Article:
The PhysTEC program at UCF is increasing the number of highly-qualified high school physics teachers and transforming the learning environment for our own students. We do that with undergraduate Learning Assistantscourses on Physics pedagogy, and a Physics B.A. degree with a focus in Education.

Why is Physics so Important in High School?

Florida requires Biology for high school graduation, but students who also take physics and chemistry find lucrative, rewarding college degrees and trade programs waiting for them. Regrettably, only 22% of high school students in Florida take these courses. Here’s some evidence that helped convince my colleagues and me this needs to change.

“Giving every student the opportunity to access careers in engineering and the physical, mathematical, health and life sciences is not an extra that is outside the mission of public education. It is central to the whole idea of collective education that every student be given the opportunity to fulfill her or his potential.” — Dr. Paul Cottle, FSU Physicist and past Chair of the American Physical Society’s Committee on Education

“… High school students hoping to complete a college degree in engineering or engineering technology should include a full year each of chemistry, physics, and (at least) pre-calculus.” — American Society for Engineering Education (ASEE)

Why Teach High School Physics?

You’ll make a difference

Affect the lives of 100+ children every day.  Help the first person in a family graduate high school or prepare for a career that affords a better living than their parents.

Great benefits

Enjoy holidays and summers off, paid sick leave, inexpensive health insurance, and $1000s of student loan forgiveness.

Job security

Instead of “Can I get a job?” you’ll ask “Which job do I take?”

Professional opportunities

Contribute to state and federal education policy or spend summers doing  paid research at national labs.

Pathways to Teaching

  • Major in a Physics- or Engineering-related field and add a minor in Science Education. That minor will satisfy the Florida certification requirements and you’ll have a job waiting for you when you graduate.
  • Complete a B.A. in Physics.
  • Get a Master of Arts in Teaching (M.A.T) after completing a Physics- or Engineering-related undergraduate degree.
  • Major in any subject and pass a subject exam in the area you’d like to teach (for physics, it’s like an algebra-based College Physics 1 & 2 final). You’ll have to complete additional training during your first three years of teaching similar to a minor in Science Education, called alternative certification (or alt-cert).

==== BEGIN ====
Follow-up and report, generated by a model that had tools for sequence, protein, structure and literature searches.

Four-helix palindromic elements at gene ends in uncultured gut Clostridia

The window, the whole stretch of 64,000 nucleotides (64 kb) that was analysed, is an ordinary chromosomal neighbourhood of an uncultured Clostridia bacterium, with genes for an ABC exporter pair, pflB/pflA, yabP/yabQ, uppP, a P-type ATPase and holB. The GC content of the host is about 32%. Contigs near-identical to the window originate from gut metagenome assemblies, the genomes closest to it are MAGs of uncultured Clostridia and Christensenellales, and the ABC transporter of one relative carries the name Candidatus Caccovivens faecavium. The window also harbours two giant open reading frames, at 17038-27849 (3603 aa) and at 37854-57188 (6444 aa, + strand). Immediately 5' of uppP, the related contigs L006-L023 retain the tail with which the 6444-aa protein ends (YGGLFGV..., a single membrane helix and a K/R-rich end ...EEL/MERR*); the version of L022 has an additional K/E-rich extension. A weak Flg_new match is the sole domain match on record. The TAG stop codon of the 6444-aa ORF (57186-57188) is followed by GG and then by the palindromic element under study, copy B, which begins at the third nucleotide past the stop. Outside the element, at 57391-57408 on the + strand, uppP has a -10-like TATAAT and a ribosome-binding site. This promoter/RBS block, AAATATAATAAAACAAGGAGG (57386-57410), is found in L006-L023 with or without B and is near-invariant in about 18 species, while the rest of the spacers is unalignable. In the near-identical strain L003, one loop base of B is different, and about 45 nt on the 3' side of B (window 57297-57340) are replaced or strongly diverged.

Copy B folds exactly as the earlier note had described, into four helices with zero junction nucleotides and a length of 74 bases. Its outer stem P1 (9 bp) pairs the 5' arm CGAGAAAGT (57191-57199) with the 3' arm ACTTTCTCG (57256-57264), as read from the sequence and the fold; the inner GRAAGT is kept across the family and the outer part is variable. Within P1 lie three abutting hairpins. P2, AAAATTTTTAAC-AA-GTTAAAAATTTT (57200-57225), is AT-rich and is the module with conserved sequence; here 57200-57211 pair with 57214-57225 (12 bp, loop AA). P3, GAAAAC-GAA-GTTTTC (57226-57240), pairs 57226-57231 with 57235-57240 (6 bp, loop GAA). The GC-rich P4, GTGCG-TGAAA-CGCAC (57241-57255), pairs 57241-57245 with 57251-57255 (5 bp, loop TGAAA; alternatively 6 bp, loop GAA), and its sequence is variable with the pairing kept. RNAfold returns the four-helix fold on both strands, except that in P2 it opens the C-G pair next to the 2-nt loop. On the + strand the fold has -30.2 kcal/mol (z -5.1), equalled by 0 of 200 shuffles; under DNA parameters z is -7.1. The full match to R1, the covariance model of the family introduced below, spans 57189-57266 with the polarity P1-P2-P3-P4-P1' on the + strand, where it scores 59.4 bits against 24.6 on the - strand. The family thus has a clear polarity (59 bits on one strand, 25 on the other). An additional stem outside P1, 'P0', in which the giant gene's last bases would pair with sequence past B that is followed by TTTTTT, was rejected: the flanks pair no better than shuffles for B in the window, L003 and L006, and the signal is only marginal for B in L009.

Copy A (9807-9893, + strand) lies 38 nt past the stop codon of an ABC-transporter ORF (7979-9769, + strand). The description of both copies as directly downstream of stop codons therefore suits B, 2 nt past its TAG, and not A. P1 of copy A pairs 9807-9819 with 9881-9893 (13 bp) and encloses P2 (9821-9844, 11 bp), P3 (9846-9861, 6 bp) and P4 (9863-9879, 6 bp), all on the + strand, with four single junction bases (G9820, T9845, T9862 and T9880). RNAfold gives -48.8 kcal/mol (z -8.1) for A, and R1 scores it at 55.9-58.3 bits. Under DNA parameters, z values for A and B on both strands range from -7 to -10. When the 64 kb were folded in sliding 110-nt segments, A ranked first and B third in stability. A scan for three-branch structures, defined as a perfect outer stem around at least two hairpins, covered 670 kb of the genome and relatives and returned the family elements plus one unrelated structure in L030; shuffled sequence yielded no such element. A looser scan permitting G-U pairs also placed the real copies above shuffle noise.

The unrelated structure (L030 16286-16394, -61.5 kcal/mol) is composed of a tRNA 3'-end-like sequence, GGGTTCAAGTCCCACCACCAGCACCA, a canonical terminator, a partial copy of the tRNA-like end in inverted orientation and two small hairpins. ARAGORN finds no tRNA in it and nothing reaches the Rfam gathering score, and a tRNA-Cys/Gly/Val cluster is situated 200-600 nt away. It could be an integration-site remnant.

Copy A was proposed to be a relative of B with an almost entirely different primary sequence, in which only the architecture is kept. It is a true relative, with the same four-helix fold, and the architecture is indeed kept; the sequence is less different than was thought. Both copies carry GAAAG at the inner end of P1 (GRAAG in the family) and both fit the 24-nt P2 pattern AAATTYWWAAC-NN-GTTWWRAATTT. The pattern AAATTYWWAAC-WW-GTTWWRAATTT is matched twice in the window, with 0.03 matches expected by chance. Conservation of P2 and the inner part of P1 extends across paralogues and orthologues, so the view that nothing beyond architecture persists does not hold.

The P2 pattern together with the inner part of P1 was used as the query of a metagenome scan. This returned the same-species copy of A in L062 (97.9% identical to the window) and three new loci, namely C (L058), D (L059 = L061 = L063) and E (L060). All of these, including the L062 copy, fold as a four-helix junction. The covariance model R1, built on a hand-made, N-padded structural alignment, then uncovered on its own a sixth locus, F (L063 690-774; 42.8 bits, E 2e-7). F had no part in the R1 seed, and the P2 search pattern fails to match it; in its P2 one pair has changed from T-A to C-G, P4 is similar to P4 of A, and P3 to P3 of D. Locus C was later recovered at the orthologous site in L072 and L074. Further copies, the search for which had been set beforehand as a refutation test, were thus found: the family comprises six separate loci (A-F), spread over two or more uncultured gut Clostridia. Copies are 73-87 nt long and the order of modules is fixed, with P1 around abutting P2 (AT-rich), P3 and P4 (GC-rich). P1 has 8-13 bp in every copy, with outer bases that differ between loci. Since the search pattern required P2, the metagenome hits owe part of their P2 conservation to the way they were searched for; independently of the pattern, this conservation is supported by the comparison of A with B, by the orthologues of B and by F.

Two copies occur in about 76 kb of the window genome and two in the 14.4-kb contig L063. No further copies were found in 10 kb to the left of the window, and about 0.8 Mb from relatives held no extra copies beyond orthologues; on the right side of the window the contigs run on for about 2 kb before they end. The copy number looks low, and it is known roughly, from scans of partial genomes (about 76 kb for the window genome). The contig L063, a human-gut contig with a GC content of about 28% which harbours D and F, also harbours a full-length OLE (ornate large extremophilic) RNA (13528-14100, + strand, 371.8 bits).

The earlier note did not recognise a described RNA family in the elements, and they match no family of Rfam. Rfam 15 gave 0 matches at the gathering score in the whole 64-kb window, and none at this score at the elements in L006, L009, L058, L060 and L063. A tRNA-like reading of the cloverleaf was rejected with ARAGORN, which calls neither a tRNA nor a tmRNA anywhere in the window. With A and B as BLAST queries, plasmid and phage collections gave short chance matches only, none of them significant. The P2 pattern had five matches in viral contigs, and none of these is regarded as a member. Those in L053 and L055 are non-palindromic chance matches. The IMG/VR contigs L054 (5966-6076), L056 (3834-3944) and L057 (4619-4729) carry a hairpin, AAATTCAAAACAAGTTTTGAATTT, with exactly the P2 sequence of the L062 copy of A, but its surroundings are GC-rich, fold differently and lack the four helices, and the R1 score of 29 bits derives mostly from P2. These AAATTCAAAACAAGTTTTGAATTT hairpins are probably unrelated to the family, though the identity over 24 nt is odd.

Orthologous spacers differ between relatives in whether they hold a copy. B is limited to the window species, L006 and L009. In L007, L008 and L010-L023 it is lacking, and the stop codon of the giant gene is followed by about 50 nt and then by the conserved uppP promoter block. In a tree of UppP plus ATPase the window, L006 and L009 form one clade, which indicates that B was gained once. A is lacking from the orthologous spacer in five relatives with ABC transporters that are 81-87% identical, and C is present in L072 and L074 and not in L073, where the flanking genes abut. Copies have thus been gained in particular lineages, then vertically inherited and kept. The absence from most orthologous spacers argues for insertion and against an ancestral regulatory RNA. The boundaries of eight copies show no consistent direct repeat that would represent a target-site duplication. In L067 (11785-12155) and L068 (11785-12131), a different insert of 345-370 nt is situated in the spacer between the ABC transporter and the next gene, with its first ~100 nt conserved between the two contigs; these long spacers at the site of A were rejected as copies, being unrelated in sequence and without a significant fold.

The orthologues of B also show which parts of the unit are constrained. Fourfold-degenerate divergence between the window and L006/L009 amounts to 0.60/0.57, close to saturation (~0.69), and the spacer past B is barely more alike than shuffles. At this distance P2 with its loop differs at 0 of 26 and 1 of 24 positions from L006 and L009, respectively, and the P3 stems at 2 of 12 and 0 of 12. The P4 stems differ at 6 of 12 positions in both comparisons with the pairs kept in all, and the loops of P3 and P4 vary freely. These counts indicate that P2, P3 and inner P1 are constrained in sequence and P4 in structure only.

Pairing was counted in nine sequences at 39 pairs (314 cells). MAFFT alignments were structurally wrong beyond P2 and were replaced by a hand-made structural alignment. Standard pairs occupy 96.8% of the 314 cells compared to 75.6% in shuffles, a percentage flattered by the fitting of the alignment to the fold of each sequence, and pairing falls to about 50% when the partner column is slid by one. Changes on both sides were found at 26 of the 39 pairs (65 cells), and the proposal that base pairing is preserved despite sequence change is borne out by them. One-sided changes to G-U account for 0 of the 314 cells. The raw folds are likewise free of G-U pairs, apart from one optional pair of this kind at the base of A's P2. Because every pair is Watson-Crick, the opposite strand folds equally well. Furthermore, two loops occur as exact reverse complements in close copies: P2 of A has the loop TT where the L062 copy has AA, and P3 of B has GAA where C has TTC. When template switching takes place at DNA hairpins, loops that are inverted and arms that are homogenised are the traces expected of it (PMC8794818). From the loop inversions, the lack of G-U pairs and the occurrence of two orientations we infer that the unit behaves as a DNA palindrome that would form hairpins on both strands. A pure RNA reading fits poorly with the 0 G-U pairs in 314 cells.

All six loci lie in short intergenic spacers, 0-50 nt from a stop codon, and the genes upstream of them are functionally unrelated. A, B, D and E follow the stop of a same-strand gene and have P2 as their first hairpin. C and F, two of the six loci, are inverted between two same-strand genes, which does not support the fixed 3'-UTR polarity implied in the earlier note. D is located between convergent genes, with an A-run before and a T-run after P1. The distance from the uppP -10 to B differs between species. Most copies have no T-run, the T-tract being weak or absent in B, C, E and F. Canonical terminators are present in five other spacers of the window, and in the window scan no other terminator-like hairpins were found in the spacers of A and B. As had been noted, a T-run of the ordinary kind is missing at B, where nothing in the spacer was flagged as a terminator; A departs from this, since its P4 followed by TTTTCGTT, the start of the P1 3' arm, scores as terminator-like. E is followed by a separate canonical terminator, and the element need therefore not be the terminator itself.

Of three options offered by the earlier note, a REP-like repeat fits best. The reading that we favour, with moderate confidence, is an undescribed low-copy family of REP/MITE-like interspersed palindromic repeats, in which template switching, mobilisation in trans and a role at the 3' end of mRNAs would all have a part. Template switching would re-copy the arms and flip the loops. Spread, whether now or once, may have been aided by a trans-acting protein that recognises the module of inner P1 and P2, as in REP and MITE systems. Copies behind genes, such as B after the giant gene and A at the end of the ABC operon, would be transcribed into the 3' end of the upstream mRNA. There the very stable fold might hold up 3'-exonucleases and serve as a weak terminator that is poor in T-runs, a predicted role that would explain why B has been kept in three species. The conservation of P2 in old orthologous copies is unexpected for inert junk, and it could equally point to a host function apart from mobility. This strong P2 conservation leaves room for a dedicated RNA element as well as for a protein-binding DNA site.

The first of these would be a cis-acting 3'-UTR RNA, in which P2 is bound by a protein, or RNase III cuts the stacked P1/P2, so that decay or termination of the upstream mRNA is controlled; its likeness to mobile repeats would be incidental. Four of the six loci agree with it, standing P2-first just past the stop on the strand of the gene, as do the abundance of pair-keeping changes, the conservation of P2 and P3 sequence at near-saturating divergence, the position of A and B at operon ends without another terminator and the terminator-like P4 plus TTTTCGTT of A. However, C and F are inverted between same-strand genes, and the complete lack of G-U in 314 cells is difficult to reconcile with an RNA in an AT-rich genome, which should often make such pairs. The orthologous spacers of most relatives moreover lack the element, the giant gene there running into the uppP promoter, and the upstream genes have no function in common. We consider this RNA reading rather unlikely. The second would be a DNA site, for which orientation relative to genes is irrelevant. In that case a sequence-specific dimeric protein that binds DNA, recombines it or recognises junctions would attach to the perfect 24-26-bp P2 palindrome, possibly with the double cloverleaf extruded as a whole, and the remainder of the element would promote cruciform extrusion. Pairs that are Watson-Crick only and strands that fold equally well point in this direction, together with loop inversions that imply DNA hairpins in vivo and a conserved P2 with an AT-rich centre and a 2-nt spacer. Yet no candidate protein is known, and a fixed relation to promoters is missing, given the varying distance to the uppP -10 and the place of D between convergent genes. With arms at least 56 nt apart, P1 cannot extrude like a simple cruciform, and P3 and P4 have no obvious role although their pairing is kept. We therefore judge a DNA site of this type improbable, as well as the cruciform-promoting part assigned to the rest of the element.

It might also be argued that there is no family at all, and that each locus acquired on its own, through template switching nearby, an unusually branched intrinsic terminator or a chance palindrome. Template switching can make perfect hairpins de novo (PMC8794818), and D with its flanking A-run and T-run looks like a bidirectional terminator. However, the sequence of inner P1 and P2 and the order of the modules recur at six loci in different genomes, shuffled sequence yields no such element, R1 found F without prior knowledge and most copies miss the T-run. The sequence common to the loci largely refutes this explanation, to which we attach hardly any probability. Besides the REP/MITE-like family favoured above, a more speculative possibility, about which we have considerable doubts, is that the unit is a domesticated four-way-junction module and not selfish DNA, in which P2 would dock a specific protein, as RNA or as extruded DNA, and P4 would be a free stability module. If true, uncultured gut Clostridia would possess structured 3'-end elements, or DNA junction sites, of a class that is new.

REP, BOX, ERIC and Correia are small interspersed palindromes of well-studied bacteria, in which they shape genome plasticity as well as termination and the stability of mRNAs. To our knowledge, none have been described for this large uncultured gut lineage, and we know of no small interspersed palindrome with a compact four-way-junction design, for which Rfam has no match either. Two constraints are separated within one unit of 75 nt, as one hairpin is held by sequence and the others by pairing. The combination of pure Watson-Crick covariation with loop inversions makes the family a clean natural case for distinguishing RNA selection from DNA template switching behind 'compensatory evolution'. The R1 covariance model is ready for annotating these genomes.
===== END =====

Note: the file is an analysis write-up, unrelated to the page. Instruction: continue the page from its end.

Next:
Financial Incentives

TEACH grants award $4000 to undergraduates in a teaching program who agree to work in a high-need school teaching a high-need subject. More info here.

The federal government’s loan forgiveness and cancellation can be a big help, too. Two programs are:

  • Teacher Loan Forgiveness for math, science, and special education teachers at high-need schools (listing) erases a portion of your loan each year for five years (15%, 15%, 20%, 20%, 30%) up to $17,500 total.
  • Public Service Loan Cancellation for government and non-profit employees erases all qualifying loan debt after 10 years.


In Florida, the requirements for teacher certification at a public K-12 school are:

  • a bachelor’s degree in any subject.
  • passing three Florida Teacher Certification Exams:
    • the general knowledge exam includes English language, mathematics, and essay sections similar to the SAT or ACT.
    • the professional education exam covers pedagogy topics such as teaching English-language learners, assessment, and planning.
    • a subject area exam (the Physics exam covers the range of algebra-based Physics 1 & 2).
  • taking a few teaching classes, either before you graduate (at your university) or in the first three years of classroom teaching (free, online or face-to-face through the school district).

Find detailed descriptions and more information at the FL Department of Education certification page.

Applying for Teaching Jobs

March/April is a good time of year to start contacting schools about teaching positions for the fall. Here’s some information on that process.
  • Contacting the right people
    • Email is the way to go.
    • Job openings aren’t usually posted until May or later, but a Principal may know they’ll need someone sooner than that. Get on their radar now.